We've only steered one bull so far in all these years. We took him to the vet for the procedure. I watched the process. He was numbed first and then his two sacks and some tubing removed. He was close to two months old. Once he was back home, he didn't act any different and healed quickly. I've been told that a bull is more prone to getting infections when banded and that they feel discomfort for the first few days.
We've also butchered a four-year-old Jersey bull who was no longer fertile. Because we weren't convinced that his meat would be tender, we turned most of it into a very lean hamburger. It's incredibly tasty and delicate. Everyone who has tried it has given it an enthusiastic thumbs up. It seems like if you wait to butcher until they're older, you can use them as bulls the entire time and then fill your freezer (a bull would put on more weight I would think). That way, your animal is dual purpose.
I think Kade uses bands on his bulls. Maybe he can weigh in on this.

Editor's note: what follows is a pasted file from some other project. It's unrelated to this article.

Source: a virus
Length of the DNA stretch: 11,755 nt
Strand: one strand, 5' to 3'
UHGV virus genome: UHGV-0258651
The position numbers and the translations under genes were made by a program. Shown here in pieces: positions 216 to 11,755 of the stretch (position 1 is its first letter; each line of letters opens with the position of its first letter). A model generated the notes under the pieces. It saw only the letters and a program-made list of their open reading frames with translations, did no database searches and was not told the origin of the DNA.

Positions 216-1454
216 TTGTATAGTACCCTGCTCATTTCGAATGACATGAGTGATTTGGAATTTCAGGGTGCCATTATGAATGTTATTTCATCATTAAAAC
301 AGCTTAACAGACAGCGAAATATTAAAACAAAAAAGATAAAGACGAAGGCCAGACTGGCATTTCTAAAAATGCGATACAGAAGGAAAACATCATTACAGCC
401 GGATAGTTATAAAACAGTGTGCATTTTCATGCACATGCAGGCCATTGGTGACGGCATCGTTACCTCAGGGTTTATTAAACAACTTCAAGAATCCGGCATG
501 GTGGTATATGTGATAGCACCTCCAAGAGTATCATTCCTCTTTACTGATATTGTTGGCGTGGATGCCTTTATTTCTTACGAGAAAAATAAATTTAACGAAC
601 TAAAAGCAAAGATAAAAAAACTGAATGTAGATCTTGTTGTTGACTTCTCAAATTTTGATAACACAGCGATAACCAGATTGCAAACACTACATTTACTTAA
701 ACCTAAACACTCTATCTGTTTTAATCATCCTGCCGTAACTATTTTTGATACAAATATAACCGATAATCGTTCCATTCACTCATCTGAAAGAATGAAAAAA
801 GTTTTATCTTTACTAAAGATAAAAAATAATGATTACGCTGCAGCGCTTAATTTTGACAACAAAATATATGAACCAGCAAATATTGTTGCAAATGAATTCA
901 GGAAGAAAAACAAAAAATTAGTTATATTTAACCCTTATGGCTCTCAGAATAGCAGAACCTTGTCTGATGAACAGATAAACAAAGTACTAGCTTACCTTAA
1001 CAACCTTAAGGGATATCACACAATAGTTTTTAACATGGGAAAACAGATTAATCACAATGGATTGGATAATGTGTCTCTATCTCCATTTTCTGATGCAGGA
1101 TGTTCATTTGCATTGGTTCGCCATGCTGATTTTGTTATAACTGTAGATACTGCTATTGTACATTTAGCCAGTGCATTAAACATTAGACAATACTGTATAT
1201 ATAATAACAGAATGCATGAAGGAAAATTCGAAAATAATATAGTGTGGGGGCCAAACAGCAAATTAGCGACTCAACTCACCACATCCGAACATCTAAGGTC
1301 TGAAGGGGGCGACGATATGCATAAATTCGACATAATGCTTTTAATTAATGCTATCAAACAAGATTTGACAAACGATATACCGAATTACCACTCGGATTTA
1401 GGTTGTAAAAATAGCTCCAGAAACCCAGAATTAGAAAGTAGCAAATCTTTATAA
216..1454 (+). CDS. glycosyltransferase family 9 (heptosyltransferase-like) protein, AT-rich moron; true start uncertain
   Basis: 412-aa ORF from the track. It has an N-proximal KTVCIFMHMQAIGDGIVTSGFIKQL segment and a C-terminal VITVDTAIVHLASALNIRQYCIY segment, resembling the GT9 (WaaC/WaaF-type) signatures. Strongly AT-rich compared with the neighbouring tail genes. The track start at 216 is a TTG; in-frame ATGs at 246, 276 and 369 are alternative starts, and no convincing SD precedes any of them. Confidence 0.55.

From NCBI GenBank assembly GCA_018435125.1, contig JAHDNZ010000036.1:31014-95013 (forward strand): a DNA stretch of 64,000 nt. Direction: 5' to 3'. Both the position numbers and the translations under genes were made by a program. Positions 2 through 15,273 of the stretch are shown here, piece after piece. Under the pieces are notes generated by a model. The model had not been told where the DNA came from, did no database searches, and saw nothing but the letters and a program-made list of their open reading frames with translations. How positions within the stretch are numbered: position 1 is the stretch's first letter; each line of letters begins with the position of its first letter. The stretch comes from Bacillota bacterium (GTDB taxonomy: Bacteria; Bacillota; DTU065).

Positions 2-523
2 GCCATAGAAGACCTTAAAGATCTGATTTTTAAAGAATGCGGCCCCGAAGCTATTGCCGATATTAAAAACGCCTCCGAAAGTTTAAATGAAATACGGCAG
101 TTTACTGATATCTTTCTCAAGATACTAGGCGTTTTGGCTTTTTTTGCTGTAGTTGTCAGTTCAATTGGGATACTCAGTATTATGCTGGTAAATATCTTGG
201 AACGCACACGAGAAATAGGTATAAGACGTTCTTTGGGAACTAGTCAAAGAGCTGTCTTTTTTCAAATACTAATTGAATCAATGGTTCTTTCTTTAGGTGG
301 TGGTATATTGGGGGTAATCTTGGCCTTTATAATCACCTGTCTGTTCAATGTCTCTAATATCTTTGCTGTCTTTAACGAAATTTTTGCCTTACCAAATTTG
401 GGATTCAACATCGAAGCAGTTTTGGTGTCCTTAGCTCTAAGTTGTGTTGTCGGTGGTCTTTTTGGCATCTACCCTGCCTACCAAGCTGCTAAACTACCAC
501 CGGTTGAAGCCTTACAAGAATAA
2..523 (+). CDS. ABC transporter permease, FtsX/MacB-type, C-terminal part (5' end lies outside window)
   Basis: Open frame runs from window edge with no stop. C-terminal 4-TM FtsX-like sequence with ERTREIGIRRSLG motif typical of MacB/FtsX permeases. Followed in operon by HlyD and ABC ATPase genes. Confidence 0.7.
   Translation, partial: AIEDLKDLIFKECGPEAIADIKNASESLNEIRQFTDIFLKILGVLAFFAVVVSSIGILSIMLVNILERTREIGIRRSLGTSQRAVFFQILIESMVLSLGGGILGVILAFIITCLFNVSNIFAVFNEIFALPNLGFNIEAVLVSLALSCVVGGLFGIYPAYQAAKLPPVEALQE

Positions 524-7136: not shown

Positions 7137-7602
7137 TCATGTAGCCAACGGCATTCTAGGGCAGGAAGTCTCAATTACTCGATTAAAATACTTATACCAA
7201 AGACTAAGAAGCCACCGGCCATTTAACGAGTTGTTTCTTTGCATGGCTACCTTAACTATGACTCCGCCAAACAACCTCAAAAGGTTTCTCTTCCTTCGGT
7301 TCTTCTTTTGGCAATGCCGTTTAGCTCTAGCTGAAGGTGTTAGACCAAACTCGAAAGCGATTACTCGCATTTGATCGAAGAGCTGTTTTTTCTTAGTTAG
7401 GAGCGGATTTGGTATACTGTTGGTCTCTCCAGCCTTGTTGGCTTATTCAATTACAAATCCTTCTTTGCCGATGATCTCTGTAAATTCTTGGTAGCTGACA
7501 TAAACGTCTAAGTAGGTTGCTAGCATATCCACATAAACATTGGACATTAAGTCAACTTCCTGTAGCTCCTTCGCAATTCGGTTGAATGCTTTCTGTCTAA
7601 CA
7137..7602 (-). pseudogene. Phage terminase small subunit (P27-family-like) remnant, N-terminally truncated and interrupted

|Posted - Aug 12 2014 : 9:35:11 PM
This may or may not help...but we have always used the bands with our goats as we could do it ourselves without needing a vet or someone else. I have thought about the clamping, but felt that the success rate would be unknown until too late! But, maybe, this does not relate at all to cows. My experience is limited. I do feel sorry for my little guys as they do carry on for a few hours and I can imagine it is painful at first. I always try to give them an extra milk bottle during that time. After that, the little guys don't seem to even notice the bands.